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Photo by: Daniel K. Eisenbud
Releasing Arab terrorists proves Jewish blood is cheap, say those protesting prisoner release
By DANIEL K. EISENBUD
30/12/2013
‘No matter where these men go, they will kill – because that is the agenda of their lives,’ warns Meir Indor, head of Almagor Terror Victims Association.
 
“When we put terrorists in prison, it sends a message: Don’t mess with the Israeli nation – we are tough,” said Meir Indor on Sunday afternoon, as he sat surrounded by images of the faces of terror victims, whose murderers are scheduled to be freed in two days. “Releasing them tells the world that Jewish blood is cheap.”

Indor, the chairman of the Almagor (“Don’t Be Terrorized”) Terror Victims Association, who was born and raised in Israel, said that after serving in the IDF and hunting terrorists, he knows unequivocally that releasing them is a profound and deadly mistake.

“One thing we knew when we captured them is that we have to keep them in prison for the maximum period,” he said. “These men are what I call ‘life bombs,’ because no matter where they go, they will kill – because that is the agenda of their lives.”

Indor said that when convicted killers are released, the message is unmistakable: “If you kill a Jew, you’ll never serve a full prison term, and [you’ll] become a celebrated hero by the Palestinian Authority and Islamic world.”

Joined by several demonstrators stationed a few hundred meters from the Prime Minister’s Residence in Jerusalem for the fifth day in a row, Indor added that the hypocrisy exhibited by the United States is as egregious as it is deadly.

“Americans don’t release prisoners, but when they make Israelis do so, it creates a double standard that the Arabs understand all too well,” he continued. “I can assure you, they will kill again.”

This sentiment, accompanied by palpable rage, was reiterated Sunday by a cross section of Israelis, all of whom vehemently oppose the scheduled release of 26 convicted Palestinian killers late Monday night or early Tuesday morning.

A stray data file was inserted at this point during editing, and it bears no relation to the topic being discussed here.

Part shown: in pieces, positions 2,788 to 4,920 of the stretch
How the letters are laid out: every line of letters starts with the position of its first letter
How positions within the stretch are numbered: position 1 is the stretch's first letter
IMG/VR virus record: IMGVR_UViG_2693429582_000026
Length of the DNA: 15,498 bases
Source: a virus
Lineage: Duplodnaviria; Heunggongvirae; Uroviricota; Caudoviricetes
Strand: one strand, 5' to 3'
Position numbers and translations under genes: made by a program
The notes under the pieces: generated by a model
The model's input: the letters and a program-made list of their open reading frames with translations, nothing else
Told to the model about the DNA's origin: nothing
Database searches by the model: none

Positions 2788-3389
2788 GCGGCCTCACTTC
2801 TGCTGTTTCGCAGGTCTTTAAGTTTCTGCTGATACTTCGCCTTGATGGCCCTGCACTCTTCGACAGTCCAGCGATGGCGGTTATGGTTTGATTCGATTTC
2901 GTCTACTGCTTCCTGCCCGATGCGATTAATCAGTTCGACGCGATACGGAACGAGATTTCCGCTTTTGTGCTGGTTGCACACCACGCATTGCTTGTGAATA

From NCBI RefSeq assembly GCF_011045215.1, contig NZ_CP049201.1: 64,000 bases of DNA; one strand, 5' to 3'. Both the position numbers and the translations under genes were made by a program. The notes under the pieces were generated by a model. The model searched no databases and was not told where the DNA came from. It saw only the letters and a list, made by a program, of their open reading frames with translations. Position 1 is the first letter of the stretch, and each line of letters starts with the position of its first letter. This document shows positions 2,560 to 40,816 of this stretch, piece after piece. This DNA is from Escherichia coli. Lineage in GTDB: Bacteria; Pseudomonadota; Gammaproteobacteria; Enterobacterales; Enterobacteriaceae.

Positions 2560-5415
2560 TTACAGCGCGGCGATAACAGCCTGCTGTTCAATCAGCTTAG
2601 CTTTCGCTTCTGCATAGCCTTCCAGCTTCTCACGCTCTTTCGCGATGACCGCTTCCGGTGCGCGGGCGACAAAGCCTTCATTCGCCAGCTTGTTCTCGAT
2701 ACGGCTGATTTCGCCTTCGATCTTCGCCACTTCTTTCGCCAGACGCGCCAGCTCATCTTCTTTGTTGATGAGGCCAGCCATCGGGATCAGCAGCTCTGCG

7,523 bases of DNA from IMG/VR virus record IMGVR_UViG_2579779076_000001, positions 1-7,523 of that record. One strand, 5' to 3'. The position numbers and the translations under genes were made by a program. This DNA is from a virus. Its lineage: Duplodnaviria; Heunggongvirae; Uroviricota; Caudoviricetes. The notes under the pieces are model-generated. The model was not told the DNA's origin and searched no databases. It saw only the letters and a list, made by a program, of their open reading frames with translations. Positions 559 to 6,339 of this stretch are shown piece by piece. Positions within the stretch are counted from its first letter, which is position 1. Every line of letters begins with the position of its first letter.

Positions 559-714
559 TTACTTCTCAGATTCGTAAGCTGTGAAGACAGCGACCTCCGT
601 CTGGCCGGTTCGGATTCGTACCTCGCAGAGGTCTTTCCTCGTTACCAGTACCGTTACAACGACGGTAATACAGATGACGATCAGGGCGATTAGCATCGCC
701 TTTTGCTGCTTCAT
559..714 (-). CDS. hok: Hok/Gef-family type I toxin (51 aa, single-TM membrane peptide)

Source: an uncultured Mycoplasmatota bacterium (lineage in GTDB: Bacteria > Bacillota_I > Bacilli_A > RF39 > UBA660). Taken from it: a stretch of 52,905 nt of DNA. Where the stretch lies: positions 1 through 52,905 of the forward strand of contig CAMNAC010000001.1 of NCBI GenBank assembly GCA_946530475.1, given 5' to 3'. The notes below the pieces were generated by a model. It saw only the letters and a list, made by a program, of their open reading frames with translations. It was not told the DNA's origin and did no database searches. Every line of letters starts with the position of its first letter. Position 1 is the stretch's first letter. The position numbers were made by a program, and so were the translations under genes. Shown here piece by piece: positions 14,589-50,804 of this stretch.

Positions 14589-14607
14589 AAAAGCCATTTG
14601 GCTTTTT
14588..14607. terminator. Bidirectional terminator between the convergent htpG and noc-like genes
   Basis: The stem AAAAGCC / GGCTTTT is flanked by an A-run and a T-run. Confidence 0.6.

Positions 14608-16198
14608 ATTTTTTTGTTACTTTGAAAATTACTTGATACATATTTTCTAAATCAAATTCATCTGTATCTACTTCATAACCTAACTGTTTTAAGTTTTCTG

A celebratory ceremony will immediately be held in Ramallah with Palestinian Authority President Mahmoud Abbas.

In July the government agreed to free 104 such Palestinians in four stages during the nine-month negotiating period that ends in April. This is the third release. Fifty- two prisoners have been freed in two prior releases.

“I have a message for [US President Barack] Obama and [Secretary of State John] Kerry,” said protester Lizi Hameiri. “Don’t patronize us. We are not a colony that you will force to release terrorists. We are the ones who are going to pay the price in blood.”

Hameiri deemed the hypocrisy of the US demand as unacceptable and unconscionable.

“You are forcing us to release predator animals in our streets – something you would never do in the US,” she said, raising her voice.

“You sell my people’s blood cheap and our kids are not safe anymore because of you!” Ortal Tamam, whose uncle was murdered by terrorists in 1984, said Kerry has ostensibly treated Israelis like “puppets” in an internationally staged performance.

“He plays with us without knowing who we are, or the pain this is creating,” she said. “It’s a shame that he is making Israel do something he would never do in a million years, and with good reason: because it’s insane.”